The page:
Mallard showing white eyelid

A recent study has found that the contrasting eye colour and eyelids of some wildfowl has a defined function.

Graham Martin
School of Biosciences,
University of Birmingham

I am frequently asked about the colour of birds' eyes. Does it affect vision and if so in what way?

The answer is always rather disappointing to the questioner. Since eye colour results from the pigment structure on the outer surface of the iris (which controls pupil size) it cannot, of itself, play a part in vision. Whatever the colour of the iris it is only an opaque structure which controls the amount of light reaching the retina; acting just like the diaphragm of a camera lens. Would it really be expected that there would be any difference in our photo if your camera had a yellow or red lens diaphragm compared with the usual black?

But eye/iris colour does vary quite markedly across bird species and in other animals. Given that we usually look for correlations and functional relationships when we see variation, it is certainly worth asking why does eye colour vary? The answer always put forward is that eye colour must have a signalling function; that it is simply just another aspect of the non-plumage external appearance of a bird, like the skin around the eye, the colour of the bill or the cere. But these are known to have a signalling function so it seems reasonable that eye colour also has a signalling function. Just what it might signal is, however, less clear. However, we are now a significant step forward in understanding the signalling function of eye colour, at least in ducks, thanks to the study of Matt Guillemain and colleagues published this month in Ibis (Guillemain et al. 2012).

What they have shown is that while there is a wide range of eye colour among duck species, the colour usually contrasts strongly either with eyelid colour or plumage colour around the eye. Basically most duck species with dark irises have pale eyelids, and ducks with light irises have dark eye lids.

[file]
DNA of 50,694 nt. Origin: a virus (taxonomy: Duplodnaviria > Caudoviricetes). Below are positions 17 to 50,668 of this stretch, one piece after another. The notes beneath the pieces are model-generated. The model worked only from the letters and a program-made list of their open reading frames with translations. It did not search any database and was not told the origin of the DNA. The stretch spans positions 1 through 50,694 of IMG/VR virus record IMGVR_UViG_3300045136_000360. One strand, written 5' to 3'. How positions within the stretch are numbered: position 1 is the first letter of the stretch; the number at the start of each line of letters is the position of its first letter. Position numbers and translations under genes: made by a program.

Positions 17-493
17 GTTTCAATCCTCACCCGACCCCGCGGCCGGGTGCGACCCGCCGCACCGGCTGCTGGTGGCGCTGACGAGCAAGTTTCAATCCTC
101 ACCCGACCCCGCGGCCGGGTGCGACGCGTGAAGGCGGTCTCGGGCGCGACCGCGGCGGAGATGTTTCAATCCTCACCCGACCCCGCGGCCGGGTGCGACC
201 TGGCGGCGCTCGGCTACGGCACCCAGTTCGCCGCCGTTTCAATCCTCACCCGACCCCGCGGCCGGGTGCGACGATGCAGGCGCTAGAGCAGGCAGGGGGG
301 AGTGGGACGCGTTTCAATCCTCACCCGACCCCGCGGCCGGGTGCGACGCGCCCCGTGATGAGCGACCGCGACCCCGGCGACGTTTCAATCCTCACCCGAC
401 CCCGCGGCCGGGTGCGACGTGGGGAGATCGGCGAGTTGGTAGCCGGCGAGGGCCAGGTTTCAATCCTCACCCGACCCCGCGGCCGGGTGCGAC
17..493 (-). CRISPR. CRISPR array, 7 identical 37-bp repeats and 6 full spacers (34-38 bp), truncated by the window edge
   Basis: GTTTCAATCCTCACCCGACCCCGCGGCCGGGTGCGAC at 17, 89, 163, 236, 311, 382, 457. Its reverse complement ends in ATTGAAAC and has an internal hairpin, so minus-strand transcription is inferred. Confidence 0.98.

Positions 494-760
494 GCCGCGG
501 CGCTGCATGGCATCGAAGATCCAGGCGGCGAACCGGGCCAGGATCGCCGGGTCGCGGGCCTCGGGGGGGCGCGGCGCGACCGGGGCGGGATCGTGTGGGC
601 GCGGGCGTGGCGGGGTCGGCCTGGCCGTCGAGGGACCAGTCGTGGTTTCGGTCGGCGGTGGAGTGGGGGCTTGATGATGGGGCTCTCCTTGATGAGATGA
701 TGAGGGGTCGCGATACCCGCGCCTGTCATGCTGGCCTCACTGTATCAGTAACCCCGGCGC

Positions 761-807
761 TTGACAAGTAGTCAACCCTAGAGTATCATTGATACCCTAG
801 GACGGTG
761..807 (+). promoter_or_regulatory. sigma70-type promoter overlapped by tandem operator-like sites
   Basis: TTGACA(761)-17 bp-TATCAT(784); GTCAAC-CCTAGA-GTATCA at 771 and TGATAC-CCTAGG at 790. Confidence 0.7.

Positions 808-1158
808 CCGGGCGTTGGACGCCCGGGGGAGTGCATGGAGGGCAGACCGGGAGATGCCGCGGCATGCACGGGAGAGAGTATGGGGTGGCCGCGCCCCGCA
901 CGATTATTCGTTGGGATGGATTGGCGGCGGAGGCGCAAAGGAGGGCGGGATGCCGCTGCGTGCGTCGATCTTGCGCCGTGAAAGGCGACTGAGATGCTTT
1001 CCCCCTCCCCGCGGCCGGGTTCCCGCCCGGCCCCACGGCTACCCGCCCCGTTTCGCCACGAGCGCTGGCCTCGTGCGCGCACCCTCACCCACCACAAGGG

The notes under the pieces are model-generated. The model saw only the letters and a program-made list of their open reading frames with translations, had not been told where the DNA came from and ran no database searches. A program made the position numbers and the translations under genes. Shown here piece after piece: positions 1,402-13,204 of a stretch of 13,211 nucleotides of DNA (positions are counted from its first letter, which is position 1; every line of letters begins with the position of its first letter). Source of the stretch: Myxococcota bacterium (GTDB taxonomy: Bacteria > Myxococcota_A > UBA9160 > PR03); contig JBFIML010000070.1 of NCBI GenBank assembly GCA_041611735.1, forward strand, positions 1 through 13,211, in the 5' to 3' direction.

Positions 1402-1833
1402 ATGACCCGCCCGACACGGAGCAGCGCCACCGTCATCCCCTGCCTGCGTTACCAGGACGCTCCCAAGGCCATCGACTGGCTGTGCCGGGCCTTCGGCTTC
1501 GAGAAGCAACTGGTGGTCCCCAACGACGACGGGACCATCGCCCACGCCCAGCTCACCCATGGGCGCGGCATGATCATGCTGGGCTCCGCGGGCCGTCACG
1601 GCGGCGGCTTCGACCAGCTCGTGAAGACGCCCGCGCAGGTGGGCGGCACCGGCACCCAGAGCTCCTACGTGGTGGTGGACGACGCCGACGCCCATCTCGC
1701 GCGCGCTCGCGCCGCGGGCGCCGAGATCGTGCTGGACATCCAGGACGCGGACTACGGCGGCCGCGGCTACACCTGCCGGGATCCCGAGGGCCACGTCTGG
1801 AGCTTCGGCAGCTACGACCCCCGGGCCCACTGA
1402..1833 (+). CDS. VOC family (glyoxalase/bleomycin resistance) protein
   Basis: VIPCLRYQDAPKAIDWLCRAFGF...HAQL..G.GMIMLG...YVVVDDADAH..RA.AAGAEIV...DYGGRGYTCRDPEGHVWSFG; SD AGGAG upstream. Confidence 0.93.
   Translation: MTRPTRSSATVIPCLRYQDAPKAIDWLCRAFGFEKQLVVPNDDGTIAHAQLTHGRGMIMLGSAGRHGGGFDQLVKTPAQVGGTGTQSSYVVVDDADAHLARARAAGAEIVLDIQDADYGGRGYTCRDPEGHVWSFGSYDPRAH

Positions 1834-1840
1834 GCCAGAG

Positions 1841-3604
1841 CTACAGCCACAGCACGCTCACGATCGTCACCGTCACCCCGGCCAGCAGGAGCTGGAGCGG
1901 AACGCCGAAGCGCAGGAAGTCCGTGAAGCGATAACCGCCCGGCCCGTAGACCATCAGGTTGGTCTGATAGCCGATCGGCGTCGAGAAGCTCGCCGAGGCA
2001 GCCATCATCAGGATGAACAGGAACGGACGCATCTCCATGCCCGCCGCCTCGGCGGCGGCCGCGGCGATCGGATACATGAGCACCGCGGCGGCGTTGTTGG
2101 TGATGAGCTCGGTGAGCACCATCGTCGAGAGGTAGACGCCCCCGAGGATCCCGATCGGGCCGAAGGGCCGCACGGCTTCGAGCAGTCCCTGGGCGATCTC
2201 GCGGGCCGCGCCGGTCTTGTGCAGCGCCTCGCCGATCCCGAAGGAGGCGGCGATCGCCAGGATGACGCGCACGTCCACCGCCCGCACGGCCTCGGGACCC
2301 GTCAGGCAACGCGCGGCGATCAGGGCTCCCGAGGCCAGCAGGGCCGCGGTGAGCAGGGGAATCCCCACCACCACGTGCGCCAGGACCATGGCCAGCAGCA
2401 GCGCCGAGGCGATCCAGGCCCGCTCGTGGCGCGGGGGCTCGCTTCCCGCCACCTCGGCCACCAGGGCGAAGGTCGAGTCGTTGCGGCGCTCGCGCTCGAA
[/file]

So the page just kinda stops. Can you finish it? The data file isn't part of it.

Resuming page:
So what is the function of these contrast? Guillemain and colleagues hypothesise that the contrast between eye colour and eyelid is an unambiguous and reliable signal of whether a duck has it eyes open. This could be dismissed as a trivial observation except that for many ducks vigilance, as in many other birds, is a key to their survival. The key things about ducks is that most species are also highly social, at least for some part of their life cycle, and knowing whether your neighbour has its eyes open is very useful, since an individual will know whether it needs to be vigilant for predators or whether they can get on with their own self maintenance or feeding in relative safety.

This is a great example of good science. A neat hypothesis investigated by clear and simple observations conducted in a structured way based upon a clear and logical set of interspecific comparisons.

So, look carefully at ducks, even sleeping ones, and you can learn a lot. Perhaps there are plenty of other bird species in which a simple relationship between iris and eyelid colour has been overlooked? Parrots come to mind, but are their others? Ideas please? And what about other signalling functions of a highly contrasting iris. Can they indicate emotional state? Are they necessary for those birds, such as some corvids, which have been shown to follow the direction of gaze of others?

Guillemain, M., Fouques, C. & Figuerola, J. 2012. Consistent contrast between eyelid and iris brightness supports a role for vigilance signalling in ducks. Ibis 154: 461-467.

Image credit: © Susannah Anderson | Wanderin’ Weeta

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